NHS workers take average 11 days off sick every year
NHS staff in Scotland have collectively taken almost five million days off work sick in the past three years, newly-released figures have revealed.
The statistics suggest that each worker took an average of 11 days off due to illness each year.
This is almost double the 6.4 days taken off sick by the average worker in the UK according to a survey by the Confederation of British Industry (CBI) last year.
Patients' campaigners and politicians called for more action to reduce absences, which cost the NHS millions of pounds.
The figures, obtained through Freedom of Information requests, revealed that in 13 out of Scotland's 14 health boards a total of 4,843,874 sick days were taken by staff in 2008-10. NHS Lothian failed to provide figures.
The most common reasons cited by health boards for sickness absence were anxiety, stress, depression and other mental health issues. Other illnesses included colds and flu, back problems, toothache and migraines.
There were also reports of staff requiring time off to deal with problems such as alcoholism and drug dependence.
Levels of sickness absence in the NHS in Scotland have fallen in recent years. Figures from Information Services Division Scotland found that rates for 2009-10 stood at 4.75 per cent, down 0.2 per cent on the previous year.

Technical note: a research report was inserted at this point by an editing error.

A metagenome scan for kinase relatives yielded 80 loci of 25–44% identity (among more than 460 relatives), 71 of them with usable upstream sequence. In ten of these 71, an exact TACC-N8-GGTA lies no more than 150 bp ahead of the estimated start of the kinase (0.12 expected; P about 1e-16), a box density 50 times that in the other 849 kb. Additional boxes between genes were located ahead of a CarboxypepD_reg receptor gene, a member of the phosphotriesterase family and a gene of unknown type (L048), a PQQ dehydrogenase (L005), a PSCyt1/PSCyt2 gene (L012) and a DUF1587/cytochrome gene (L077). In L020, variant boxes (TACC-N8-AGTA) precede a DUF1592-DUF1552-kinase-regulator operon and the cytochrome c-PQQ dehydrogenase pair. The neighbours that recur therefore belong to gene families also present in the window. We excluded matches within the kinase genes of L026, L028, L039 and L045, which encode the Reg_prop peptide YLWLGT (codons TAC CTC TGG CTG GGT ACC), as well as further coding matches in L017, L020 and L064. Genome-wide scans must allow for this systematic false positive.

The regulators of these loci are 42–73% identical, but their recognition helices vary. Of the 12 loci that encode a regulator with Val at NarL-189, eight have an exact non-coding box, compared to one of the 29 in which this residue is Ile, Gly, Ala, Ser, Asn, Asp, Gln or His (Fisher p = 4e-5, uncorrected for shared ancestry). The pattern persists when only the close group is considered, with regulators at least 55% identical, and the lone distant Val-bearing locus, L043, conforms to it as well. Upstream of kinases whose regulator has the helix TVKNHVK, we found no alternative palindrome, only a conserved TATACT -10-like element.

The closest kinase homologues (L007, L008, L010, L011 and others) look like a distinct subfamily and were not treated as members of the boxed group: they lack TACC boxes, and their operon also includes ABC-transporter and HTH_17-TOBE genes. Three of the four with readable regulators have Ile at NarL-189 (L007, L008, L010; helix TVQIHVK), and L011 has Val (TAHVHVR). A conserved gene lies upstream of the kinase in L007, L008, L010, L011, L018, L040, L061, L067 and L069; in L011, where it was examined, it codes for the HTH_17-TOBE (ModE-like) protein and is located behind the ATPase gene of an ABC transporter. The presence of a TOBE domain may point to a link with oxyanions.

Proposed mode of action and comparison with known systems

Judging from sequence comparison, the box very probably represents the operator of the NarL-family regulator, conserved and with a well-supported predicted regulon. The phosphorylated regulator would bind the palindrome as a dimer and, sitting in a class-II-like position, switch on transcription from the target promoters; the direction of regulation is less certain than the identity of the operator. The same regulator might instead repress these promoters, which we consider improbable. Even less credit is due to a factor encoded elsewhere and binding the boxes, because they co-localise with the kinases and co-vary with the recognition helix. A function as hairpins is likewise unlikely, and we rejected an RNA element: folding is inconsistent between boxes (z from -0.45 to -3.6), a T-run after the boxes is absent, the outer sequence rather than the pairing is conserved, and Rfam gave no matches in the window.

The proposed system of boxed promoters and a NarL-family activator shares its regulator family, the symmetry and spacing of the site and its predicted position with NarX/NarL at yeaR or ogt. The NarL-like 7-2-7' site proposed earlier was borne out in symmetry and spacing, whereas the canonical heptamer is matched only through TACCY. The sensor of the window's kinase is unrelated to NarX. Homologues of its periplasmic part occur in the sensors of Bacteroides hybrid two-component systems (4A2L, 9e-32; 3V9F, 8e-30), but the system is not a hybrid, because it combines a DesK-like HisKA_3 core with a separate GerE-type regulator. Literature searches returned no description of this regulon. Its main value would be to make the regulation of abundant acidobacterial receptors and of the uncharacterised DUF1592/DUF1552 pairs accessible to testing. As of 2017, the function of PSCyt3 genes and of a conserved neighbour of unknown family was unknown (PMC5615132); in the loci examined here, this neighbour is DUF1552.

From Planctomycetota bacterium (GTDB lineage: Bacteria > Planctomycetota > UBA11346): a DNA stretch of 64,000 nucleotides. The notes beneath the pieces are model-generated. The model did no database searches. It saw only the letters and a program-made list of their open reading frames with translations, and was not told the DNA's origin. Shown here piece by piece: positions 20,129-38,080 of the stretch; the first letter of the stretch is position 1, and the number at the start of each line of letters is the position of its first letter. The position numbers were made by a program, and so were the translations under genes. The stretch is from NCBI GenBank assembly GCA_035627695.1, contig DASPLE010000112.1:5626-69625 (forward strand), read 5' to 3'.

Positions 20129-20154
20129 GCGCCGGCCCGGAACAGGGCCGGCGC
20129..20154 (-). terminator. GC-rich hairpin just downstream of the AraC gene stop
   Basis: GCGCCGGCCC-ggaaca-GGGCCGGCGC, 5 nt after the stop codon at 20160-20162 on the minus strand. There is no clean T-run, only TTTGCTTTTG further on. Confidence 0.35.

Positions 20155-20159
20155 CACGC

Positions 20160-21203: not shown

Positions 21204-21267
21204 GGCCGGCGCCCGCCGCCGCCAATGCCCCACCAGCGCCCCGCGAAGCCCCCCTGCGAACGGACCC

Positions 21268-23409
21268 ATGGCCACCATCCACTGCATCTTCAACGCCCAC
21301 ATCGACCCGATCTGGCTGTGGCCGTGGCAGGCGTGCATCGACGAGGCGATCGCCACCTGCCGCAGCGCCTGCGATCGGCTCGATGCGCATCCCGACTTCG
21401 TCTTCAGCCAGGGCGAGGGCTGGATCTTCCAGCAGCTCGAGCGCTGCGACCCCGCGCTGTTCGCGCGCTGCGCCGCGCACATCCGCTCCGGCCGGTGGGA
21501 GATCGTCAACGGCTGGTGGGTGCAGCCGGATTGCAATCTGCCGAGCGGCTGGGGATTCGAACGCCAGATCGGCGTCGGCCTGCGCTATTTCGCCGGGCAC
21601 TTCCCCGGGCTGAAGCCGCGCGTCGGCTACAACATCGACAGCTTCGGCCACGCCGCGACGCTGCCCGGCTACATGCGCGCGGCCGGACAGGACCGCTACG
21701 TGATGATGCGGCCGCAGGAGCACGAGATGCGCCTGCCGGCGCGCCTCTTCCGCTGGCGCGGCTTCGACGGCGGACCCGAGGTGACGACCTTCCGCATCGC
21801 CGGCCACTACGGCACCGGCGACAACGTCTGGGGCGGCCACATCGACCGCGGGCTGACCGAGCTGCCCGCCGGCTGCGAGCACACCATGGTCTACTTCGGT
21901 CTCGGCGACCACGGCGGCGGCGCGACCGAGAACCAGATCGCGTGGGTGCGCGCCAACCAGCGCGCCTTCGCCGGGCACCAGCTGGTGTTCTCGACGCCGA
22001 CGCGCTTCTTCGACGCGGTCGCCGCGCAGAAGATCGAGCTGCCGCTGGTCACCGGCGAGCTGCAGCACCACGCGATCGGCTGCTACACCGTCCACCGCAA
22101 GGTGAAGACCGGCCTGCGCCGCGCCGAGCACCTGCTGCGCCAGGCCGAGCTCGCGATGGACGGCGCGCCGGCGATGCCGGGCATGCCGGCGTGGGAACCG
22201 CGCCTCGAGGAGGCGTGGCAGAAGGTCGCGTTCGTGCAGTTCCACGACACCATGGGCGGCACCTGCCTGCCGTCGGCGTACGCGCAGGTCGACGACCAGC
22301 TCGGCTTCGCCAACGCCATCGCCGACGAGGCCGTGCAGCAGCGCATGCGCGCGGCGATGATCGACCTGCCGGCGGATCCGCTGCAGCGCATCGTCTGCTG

But campaign groups and politicians said more needed to be done to reduce sickness levels further and the costs involved.
Health boards spend millions of pounds on agency staff to cover absences, including up to 36 million on locum doctors and 8m for nurses.
Margaret Watt, chairwoman of the Scotland Patients Association, said she was "absolutely gobsmacked" by the figures.
"Almost five million sick days is a huge number," she said."We really need to get on top of this.
"Our staff should not be off with stress and depression. We need to get more staff in so staff are not under as much pressure which means they have to take time off sick."
Scottish Labour's health spokeswoman Jackie Baillie, agreed that a reduction in the number of staff in the NHS in the last year meant significant pressure was piled on those left behind.She said: "A Labour Scottish government would prioritise the protection of NHS jobs, with no compulsory redundancies for NHS staff, to ensure the delivery of the highest standards of patient care."
Scottish Conservative health spokesman Murdo Fraser said: "Absenteeism costs us hundreds of millions of pounds a year and people rightly question why the number of days taken off is considerably higher in the public sector than in the private sector."
An SNP spokesman said: "The SNP has succeeded in bringing down NHS sickness rates, as well as making sure there are more medical staff to treat patients by increasing the number of consultants, doctors, nurses, dentists, emergency workers and cleaners in the health service since 2007."
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